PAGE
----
On April 24th, Change Recruitment held an event on modern parenthood in partnership with Katy Wedderburn, Partner and Head of Employment at MacRoberts LLP. This article is based on Katy’s discussion and insights into the issues faced by modern parents.
As a large-scale study from Working Families shows, UK working parents are overworked and paying a ‘parenthood penalty’ by deliberately downshifting their careers to cope with employer expectations and better meet their family’s needs.
The study revealed that all parents, whether they work full or part-time, work more than their contracted hours. At least 40% of parents contracted to work full time, work more than their 35-36 hours a week with almost 30% of these parents working an extra day -- that’s six 7.5 hour days! Nearly the same number of part-time parents also put in extra hours with 30% working enough hours to qualify as full-time employees and most of these parents aren’t paid for overtime.
Working too many hours negatively impacts employees’ family lives and relationships with their children. Almost 50% of parents say that their employer’s expectations and work life negatively impacts their ability to spend time with their family with 39% of parents reporting that they often miss saying goodnight to their children or helping their kids with their homework.
What’s the Parenthood Penalty?
As a result of Britain's overworked culture, Working Families’ study showed that parents are deliberately choosing to stall or slow down their careers with 22% turning down a new job or promotion.
At the moment, not pursuing their careers, for both mothers and fathers, seems the only way to achieve a work-life balance and make sure their kids don’t go to bed without a kiss goodnight.
But, what if there was a different way? What if parents could achieve new career heights while still making it home for bedtime?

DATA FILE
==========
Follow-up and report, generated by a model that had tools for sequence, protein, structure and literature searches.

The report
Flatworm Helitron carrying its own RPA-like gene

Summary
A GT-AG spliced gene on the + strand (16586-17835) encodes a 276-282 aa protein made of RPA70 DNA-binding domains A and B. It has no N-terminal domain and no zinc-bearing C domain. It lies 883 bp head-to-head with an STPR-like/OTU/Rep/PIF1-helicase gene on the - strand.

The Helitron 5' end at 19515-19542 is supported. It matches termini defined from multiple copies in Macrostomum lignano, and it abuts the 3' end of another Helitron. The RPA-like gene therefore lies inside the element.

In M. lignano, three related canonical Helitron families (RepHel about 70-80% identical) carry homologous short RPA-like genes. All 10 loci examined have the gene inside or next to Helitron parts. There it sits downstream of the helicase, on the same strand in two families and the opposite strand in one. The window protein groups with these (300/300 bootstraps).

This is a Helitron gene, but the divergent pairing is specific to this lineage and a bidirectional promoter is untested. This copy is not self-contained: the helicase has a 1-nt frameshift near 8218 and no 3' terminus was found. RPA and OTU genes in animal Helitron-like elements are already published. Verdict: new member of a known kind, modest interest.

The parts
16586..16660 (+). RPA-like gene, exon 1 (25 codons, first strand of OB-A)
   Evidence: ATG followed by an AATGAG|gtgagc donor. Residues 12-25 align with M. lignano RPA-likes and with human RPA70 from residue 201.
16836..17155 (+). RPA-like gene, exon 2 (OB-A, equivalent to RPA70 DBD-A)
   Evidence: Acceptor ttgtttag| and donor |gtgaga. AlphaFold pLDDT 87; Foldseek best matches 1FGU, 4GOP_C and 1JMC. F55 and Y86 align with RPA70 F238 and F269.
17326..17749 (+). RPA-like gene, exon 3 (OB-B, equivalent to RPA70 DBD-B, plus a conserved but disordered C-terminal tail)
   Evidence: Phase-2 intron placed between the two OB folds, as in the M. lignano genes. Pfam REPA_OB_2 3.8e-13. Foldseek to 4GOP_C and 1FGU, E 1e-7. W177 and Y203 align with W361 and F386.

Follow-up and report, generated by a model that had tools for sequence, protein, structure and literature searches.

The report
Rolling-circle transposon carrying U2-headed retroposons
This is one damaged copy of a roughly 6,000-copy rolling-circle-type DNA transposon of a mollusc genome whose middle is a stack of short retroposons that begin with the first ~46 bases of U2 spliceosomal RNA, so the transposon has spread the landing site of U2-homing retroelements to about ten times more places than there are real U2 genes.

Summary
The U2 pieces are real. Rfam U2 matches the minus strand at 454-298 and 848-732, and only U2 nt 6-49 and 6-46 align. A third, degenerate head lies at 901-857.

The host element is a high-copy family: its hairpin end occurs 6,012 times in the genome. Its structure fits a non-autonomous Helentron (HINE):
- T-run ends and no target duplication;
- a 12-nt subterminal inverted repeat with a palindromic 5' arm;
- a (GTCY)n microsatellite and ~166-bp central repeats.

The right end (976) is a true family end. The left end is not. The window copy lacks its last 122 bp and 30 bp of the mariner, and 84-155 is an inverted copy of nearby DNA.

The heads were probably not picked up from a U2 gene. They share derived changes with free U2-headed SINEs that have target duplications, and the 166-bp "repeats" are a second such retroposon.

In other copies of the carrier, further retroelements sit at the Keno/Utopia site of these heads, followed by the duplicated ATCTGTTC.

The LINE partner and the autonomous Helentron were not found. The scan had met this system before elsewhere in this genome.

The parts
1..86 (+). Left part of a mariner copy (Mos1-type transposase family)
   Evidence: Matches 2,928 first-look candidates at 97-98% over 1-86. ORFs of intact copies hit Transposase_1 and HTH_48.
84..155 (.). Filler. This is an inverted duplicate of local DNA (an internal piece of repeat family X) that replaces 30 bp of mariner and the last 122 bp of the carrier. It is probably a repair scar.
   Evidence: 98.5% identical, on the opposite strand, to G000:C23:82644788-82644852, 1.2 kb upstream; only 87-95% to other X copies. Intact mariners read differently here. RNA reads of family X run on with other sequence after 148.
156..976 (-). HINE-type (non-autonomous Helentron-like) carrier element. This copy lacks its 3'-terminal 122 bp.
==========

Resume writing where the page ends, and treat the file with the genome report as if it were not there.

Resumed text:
Flexible working is one viable solution to help working parents meet both their professional and personal commitments.
What is Flexible Working?
Flexible working can be as simple as working compressed hours (35 hours across four days) or flexi-time, where employees start late so they can accommodate school drop-offs.
While every employee who’s worked with a company for more than 26 weeks has the right to request flexible working, many still don’t feel like it’s an option.
Working Families’ study reveals that 46% of parents who would like to work flexible hours, felt unable to and only 44% of parents thought it was actually an option.
Benefits of Flexible Working
Flexible working isn’t just helpful to employees, but benefits companies too. For employers, it can lead to:
- Increased productivity
- Lower turnover rates
- Happier employees
- Enhanced company image
- Greater ability to attract top talent regardless of their family situation
We’re such advocates of flexible working that we’ve put together an article on how to promote it within the workplace.
How to Request Flexible Working
As explained earlier, every employee who’s worked for their employer for 26 weeks can apply for flexible working. The labour government has called to eradicate this period, so in the future employees could request flexible working from day one.
If you meet these requirements, you can either request flexible working as a statutory or non-statutory request.
Applying through statutory requests gives you protection under the law and means that your employer needs to consider and respond to your request in a reasonable manner. To apply under this route, you need to submit a written request, and you can only make one request a year. Typically, the entire process, including any appeals, has to be dealt with within three months.